Grants & Awards

Promoting early academic independence


Successful early career researchers typically show high intrinsic motivation and identification with their academic work. In order to encourage and honor these attributes, the Cluster of Excellence IntCDC has established several early career grants.

The IntCDC Best Publication Award recognizes up two excellent publications per year to honor and strengthen early academic independence and dedication to academic work.

All publications authored or co-authored by IntCDC early career researchers, published or formally accepted to be published, are eligible for the award.



Holistic Quality Model and Assessment: Quality as Driver for Sustainable Construction

Li Zhang, Laura Balangé, Kathrin Braun, Roberta Di Bari, Rafael Horn, Deniz Hos, Cordula Kropp, Philip Leistner and Volker Schwieger

Sustainability 2020, 12(19), 7847;

Facing rising building demands due to a fast-growing world population and significant environmental challenges at the same time, the building sector urgently requires innovation. The Cluster of Excellence Integrative Computational Design and Construction for Architecture at the University of Stuttgart tackles these challenges through a Co-Design approach for integrating computational design and engineering and robotic construction. Within this research framework, a Holistic Quality Model is developed to ensure the technical, environmental, and social quality of Co-Design processes and products. Up to now, quality models that consider and integrate all these three aspects throughout the life cycle of buildings are still missing. The article outlines the concept of holistic quality assessment based on a Holistic Quality Model for sustainable construction. A key mechanism for sustainable quality assessment in the Holistic Quality Model is the definition of control and decision points in the construction process where critical decisions are made that will affect the quality of the building throughout its entire life-cycle. Firstly, subject-specific quality concepts are defined and their interrelations are conceptualized. Subsequently, these interrelations and their effects on the overall Co-Design construction processes and products are explained using the example of the semi-robotic production of concrete slabs. Examples for control and decision points are given as well. The outline presented here serves as a basis for further advancing and concretizing the Holistic Quality Model and its applications in Co-Design for a functioning, liveable, and sustainable high-quality construction and building culture.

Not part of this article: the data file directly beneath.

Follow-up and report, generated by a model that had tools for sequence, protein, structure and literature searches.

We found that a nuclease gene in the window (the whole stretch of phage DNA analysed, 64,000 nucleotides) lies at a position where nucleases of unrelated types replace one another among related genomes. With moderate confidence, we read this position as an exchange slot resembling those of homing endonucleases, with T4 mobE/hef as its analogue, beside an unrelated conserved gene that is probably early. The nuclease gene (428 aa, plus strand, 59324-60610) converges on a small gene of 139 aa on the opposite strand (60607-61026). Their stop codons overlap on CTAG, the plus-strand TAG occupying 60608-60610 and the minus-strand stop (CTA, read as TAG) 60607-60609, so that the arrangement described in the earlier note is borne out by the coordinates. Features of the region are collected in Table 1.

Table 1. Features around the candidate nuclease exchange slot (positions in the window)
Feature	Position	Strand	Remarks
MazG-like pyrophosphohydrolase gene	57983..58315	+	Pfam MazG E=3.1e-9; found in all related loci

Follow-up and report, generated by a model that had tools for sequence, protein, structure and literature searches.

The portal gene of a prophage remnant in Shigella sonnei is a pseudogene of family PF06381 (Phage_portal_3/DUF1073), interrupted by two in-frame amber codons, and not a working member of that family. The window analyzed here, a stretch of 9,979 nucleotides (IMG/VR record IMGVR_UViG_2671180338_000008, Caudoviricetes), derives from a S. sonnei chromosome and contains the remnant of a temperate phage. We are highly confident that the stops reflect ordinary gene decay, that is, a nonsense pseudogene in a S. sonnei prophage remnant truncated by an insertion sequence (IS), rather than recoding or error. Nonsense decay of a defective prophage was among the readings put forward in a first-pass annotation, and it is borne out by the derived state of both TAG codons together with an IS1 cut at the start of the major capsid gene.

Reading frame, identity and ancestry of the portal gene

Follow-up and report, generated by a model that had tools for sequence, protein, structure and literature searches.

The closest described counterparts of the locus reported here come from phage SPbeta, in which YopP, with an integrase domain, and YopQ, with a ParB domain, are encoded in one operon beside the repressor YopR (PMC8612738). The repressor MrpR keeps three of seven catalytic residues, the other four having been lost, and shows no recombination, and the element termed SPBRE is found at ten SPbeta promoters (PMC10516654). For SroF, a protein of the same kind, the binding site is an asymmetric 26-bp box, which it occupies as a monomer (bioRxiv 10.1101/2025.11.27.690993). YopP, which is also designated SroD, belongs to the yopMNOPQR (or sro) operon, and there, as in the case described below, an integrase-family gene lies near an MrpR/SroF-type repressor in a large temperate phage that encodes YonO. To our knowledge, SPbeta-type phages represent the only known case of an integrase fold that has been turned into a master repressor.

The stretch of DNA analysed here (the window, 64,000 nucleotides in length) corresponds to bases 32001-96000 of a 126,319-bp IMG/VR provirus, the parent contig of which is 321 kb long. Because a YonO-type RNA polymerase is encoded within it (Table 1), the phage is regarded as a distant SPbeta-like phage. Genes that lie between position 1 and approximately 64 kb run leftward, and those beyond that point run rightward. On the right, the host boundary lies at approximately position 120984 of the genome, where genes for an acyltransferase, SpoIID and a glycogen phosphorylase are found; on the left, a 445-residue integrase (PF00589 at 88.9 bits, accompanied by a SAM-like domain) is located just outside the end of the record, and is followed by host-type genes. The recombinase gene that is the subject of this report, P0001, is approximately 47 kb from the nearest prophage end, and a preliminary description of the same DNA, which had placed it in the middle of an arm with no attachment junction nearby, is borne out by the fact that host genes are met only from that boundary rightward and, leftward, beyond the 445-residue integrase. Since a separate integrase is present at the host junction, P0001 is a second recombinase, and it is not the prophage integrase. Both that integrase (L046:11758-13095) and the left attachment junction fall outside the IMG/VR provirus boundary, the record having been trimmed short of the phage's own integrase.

The IntCDC “Blue Sky” Project Grant is awarded annually in recognition of a research idea that stands out in terms of its originality, its quality and the readiness to assume risk. The grant is endowed with 10.000€ enabling the grant recipient to test the feasibility of their research idea in preparation for a full dissertation or postdoctoral project.

All IntCDC early career researchers as well as advanced master’s students of the institutes involved in IntCDC are eligible to apply.


The IntCDC Master’s Thesis Grant aims to encourage excellent master’s students to pursue an academic career by supporting independent master’s thesis research. We award up to two IntCDC Master’s Thesis Grants per year.